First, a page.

CNN, Axios Suggest Trump Trade Tactics Working

Following the announcement of Nafta 2.0, or the United States Mexico-Canada Agreement (USMCA), liberal news outlets CNN and Axios published articles suggesting that Trump's negotiation tactics might just be working. 

In a Tuesday article, CNN contributor David Andelman asks "What if Trump's confrontation trade stance actually works?" - which suggests that after USMCA was announced, "Trump largely got his way. And now, no one can tell him his bull-in-a China-shop way won't work.

Axios's Jim VandeHei and Mike Allen offer similar analysis in their piece entitled, "The Trump way often works." 

For a left-of-center publication like Axios to publish an acknowledgement of Trump's successes is interesting, however for the insurgent "alt-left" at CNN, even admitting that Trump's tactics might be working is quite frankly shocking - even if it's an Op-Ed. 

 Trump's unhinged-from-precedence-in-your-face negotiating style actually works.

Indeed, Sunday evening, a senior American official came right out baldly and boasted to the Wall Street Journal that the new pact was "a template for the new Trump administration playbook for future trade deals." The official might even have left off "trade." This kind of bludgeon-thy-neighbor tactics could work quite well, thank you, in dealing with most of the adversaries Trump has created or confronted in his first two years in office.

    All three countries — the US, Mexico and Canada — were characterizing it as a win-win-win. But the leading French daily Le Monde called it like they saw it: "Trump imposes on Canada a new free trade accord." -CNN

    CNN continues: 

    there is a host of other multinational agreements Trump has scuttled with the aim of redrawing them to America's advantage. And that now seems to be a not impossible dream. Europe, as well as Russia and China, is united in the desire to snatch some sort of victory out of Trump's withdrawal from two critical non-trade pacts, the COP-21 Paris climate accord and the Iran nuclear pact. Now, it would seem, with the NAFTA and KORUS victories, there is even less incentive for Trump to budge a jot from his long-held and barely tenable positions.

    Axios notes that while "it drives the media, Democrats and more than half of America mad," Trump's "jam-your-opponent style can be effective." 

    Via Axios

    What he's done: He erased NAFTA, as a word, and replaced the trade pact with a different name (the United States-Mexico-Canada Agreement, or USMCA) and better terms for America. Sure, he infuriated Canada and Justin Trudeau, but he delivered the goods. (And helped some farm-state candidates just before midterms.)

    • His tax cut, jammed through last year, continues to juice a red hot economy that has consumers confident, stocks soaring, joblessness sinking.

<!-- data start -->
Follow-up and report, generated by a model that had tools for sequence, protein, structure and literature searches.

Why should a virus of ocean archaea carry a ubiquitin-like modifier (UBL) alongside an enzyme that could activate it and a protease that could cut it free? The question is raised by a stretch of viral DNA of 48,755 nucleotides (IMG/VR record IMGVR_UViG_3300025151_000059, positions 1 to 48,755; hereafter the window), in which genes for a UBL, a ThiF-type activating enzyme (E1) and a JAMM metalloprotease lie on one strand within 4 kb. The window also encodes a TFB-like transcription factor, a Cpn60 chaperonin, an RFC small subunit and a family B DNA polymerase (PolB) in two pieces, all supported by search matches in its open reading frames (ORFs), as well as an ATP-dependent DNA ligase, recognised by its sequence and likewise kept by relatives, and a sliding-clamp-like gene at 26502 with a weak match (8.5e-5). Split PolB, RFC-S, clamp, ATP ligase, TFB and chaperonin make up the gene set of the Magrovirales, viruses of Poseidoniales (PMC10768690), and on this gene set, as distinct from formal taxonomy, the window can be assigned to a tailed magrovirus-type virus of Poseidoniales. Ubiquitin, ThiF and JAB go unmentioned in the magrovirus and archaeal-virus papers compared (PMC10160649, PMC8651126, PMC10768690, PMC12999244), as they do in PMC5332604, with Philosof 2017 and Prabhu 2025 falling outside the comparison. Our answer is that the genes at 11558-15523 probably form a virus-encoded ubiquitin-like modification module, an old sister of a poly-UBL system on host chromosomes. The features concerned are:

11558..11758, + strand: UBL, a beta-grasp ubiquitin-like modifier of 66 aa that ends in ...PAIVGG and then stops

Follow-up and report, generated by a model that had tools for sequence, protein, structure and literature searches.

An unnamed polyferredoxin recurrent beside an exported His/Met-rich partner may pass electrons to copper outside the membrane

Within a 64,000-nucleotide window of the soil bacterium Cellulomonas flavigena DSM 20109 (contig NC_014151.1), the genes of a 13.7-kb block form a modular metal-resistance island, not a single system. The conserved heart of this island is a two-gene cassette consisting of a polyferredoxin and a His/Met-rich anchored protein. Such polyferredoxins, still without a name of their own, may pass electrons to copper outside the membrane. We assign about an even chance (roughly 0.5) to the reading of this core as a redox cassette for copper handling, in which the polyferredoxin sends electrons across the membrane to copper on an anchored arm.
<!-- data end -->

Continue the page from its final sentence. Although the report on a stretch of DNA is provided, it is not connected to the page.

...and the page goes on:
• His wild, improvisational press conferences and rallies still grab massive audiences — and drive the media conversation. 
    • And his no retreat, no surrender approach has helped Brett Kavanaugh survive brutal hearings, and put the conservative judge on the cusp of a lifetime Supreme Court seat.

    The White House says it's as simple as Trump sticking to, and delivering, what he promised — defying low expectations amid chaos and distractions.

    A veteran Democratic presidential adviser said that the Trump formula is taking a clear position and driving toward it — making sure everyone knows where he stands, and only focusing on one or two policy goals at a time.

    • The adviser pointed to the cap on deductibility of state and local taxes — included in Trump's tax-reform plan — as an enviable achievement.
    • "Presidents going back to Ronald Reagan have tried to do this," the Democrat said. "He had the determination and skill to get it done. Clinton didn't. Obama didn't."

    After his surprise NAFTA win, Trump was sunny at the White House yesterday, and preened at a rally in Tennessee last night about his dominance in news coverage:

    • "You know what it’s called? Earned media," he said. "And I earned it."

    With midterms 35 days away, there’s some evidence that Trump's recent campaign to make this election about his favorite topic — him — plus the court fight has Rs more energized than at any point this year.

    • Polling has swung sharply against Sen. Heidi Heitkamp (D-N.D.), with analysts pointing to Kavanaugh's popularity in the state as a factor.
    • Trump's message and travel have greatly strengthened Republican Senate challengers in Missouri, Montana and West Virginia.

    The last time left-wing media praised Trump was when he convinced NATO member nations to chip in their fair share.